A lot of things seem to happen in Scotland first these days, which are then followed, not always for the better, here. In 2007 a Scottish Government of a nationalist persuasion took over, and in my city a Lib Dem-Scottish National party council took over. They both decided that they did not like public-private partnerships and so would instead come up with some magic way of creating these investments. As a result, not one new school was started in the five years of that Lib Dem-SNP administration—not one. Several were finished, and councillors were very pleased to go and open them and have their name put on the opening plaque, but those schools had been planned and funded through PPPs. We seem to have undergone a miraculous conversion at some point—I am not quite sure when—but we have not come with anything that really works in its place.
I call in support of this argument none other than the Mayor of London, who is quoted in tonight’s edition of The Evening Standard as calling for a £1.3 billion investment in housing in London. Perhaps the Government would like to listen to a mayor of their own political persuasion.
This has been a good and thoughtful debate with Members on both sides of the House illustrating how important infrastructure projects are to their constituencies, to the wider region and to UK plc as a whole.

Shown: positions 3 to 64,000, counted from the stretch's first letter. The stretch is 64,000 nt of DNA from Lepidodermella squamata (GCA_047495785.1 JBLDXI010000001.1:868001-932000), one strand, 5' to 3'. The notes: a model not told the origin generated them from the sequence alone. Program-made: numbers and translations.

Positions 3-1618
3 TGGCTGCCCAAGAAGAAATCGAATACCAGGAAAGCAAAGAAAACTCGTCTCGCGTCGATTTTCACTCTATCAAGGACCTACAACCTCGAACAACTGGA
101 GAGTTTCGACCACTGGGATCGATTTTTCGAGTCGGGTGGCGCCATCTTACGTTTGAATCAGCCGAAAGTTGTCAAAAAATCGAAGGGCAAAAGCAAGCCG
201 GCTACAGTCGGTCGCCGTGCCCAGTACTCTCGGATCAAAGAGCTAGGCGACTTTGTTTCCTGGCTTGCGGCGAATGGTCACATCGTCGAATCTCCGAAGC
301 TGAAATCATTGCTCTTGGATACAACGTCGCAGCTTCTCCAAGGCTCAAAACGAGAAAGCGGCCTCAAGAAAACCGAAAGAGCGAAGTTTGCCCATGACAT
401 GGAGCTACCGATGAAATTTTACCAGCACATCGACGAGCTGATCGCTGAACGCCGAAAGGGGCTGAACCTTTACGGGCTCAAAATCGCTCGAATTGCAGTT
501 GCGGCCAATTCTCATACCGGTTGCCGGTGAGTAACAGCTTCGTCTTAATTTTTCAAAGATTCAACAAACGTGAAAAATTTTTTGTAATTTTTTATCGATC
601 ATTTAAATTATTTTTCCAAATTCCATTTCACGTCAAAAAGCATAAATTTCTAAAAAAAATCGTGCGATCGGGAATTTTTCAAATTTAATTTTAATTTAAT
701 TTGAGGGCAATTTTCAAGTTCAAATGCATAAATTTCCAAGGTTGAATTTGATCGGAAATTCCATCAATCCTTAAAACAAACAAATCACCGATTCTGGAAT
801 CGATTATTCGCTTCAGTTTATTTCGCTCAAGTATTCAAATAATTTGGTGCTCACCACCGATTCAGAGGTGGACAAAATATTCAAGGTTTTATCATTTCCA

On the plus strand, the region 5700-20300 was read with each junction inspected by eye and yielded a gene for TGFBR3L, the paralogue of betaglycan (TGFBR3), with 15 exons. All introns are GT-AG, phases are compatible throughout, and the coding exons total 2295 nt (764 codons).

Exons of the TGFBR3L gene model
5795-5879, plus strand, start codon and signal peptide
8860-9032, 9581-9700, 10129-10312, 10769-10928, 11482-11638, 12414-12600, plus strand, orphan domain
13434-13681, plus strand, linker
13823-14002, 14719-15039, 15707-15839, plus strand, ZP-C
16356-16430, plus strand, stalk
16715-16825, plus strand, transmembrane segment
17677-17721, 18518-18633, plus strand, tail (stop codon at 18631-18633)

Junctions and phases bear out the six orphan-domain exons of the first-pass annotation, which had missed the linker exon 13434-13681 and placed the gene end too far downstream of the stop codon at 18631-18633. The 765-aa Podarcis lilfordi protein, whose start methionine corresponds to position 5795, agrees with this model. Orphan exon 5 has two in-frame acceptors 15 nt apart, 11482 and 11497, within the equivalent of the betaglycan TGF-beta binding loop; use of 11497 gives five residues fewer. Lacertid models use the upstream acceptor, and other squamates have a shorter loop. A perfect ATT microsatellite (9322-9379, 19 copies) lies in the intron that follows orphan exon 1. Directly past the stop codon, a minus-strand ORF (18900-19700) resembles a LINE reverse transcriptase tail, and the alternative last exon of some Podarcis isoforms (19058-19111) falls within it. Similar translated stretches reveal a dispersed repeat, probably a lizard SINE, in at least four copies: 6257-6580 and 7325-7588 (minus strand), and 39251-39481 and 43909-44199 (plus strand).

I want to highlight some of the more memorable moments in the debate. My hon. Friend Geraint Davies summed up the Minister’s opening speech as a dismal display of dither and delay; I hope that I have paraphrased him correctly. Mrs Main gave the Government’s position away by speaking up for dither and delay and cautioning against a mad dash for growth. One could not accuse the Government of that—it is more like a mad dash for the dip.
My hon. Friend Andy Sawford spoke my mind when he expressed deep concern about the Government’s very backward-looking approach on this issue. He also made a passionate plea for more infrastructure investment in his area. My right hon. Friend Mr Raynsford spoke passionately about High Speed 1—a major achievement by Labour in government—and set out his concerns about the lack of housing investment by this Government.
Mark Reckless limited his comments to rail infrastructure. He claimed that that was because the Government’s infrastructure activities are too broad and varied, but I would argue that it is the only area they are taking any action on at all.
My hon. Friend Steve Reed raised the crucial issue of youth unemployment, which the Government, with their complacent approach, seem to overlook too often. My hon. Friend Bill Esterson recalled the cancellation of Building Schools for the Future—the decision made so rashly by the Government on taking office that has impacted not only on children but, as we now know, on economic growth.